Jesudason v Alder Hey Children's NHS Foundation Trust [2020] EWCA Civ 73


A paediatric surgeon made complaints to his employer over how his department was run. He also went to the press, the General Medical Council and the Care Quality Commission. He entered into a compromise agreement under which he resigned from his position, withdrew a whistleblowing claim in the employment tribunal (ET) and made a contribution towards his employer's legal costs. The surgeon continued to make allegations of malpractice, including to the press and the Public Accounts Committee of the House of Commons. His employer denied his allegations in writing, stating that they had been investigated and were without foundation and that his actions weakened genuine whistleblowing. The surgeon lodged a fresh ET claim for whistleblowing, claiming that the Trust's correspondence was a detriment on the ground of his protected disclosures because it incorrectly stated that the allegations were wholly unsubstantiated.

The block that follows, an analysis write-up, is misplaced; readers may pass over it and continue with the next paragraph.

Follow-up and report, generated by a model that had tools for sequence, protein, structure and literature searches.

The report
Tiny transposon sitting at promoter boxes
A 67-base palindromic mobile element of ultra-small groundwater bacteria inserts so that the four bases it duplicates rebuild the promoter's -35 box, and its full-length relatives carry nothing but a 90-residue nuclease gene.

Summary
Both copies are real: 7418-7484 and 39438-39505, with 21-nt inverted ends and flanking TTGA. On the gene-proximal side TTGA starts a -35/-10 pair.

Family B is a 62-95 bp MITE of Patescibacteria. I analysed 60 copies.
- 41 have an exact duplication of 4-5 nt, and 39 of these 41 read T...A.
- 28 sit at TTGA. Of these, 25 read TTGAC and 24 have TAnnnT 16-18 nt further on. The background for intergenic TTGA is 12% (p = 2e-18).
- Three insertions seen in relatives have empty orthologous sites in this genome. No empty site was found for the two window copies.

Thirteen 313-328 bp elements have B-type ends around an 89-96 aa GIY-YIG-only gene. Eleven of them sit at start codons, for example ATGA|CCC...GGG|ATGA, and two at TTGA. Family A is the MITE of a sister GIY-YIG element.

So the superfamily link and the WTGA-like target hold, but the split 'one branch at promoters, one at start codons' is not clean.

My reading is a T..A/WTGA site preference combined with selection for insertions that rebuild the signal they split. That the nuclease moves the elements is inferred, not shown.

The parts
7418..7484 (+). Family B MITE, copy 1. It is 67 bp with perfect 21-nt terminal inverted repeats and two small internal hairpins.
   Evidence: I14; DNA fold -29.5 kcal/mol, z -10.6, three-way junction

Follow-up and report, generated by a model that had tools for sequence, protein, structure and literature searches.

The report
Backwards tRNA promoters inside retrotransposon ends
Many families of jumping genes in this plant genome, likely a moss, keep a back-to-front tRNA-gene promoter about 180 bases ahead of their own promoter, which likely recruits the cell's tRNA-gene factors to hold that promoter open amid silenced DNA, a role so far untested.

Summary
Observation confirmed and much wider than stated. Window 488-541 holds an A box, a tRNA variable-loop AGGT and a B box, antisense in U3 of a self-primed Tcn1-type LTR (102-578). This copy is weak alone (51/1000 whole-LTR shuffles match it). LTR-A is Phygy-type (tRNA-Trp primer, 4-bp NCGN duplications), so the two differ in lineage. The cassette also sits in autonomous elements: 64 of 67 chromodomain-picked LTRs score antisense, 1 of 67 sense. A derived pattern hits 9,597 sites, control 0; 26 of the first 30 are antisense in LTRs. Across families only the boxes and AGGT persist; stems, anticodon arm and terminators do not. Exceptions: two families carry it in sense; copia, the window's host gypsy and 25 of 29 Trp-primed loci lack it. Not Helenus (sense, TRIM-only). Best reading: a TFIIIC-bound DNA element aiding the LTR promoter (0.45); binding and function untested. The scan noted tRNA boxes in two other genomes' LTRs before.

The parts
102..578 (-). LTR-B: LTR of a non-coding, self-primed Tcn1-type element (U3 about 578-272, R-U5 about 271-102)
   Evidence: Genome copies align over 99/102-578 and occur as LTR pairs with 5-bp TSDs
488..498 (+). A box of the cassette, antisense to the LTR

The Court of Appeal held that the Trust had subjected the surgeon to a detriment. The key question was whether the detriment was done "on the ground that the worker has made a protected disclosure", which would enable the surgeon to bring a claim. The Court held that the Trust's motivation in sending the correspondence had not been retaliation against the surgeon for his earlier protected disclosures but to minimise the damage caused by the surgeon's disclosures to the media. This meant the Trust had not breached section 47B of the Employment Rights Act 1996 so the claim failed.


It is helpful that the Court made it clear that an employer is entitled to deny disclosures and limit damage to its own reputation caused by a whistleblower. However, employers need to think carefully when looking at what steps they can take in this situation. They should ensure that any statements made are accurate in order to avoid further litigation.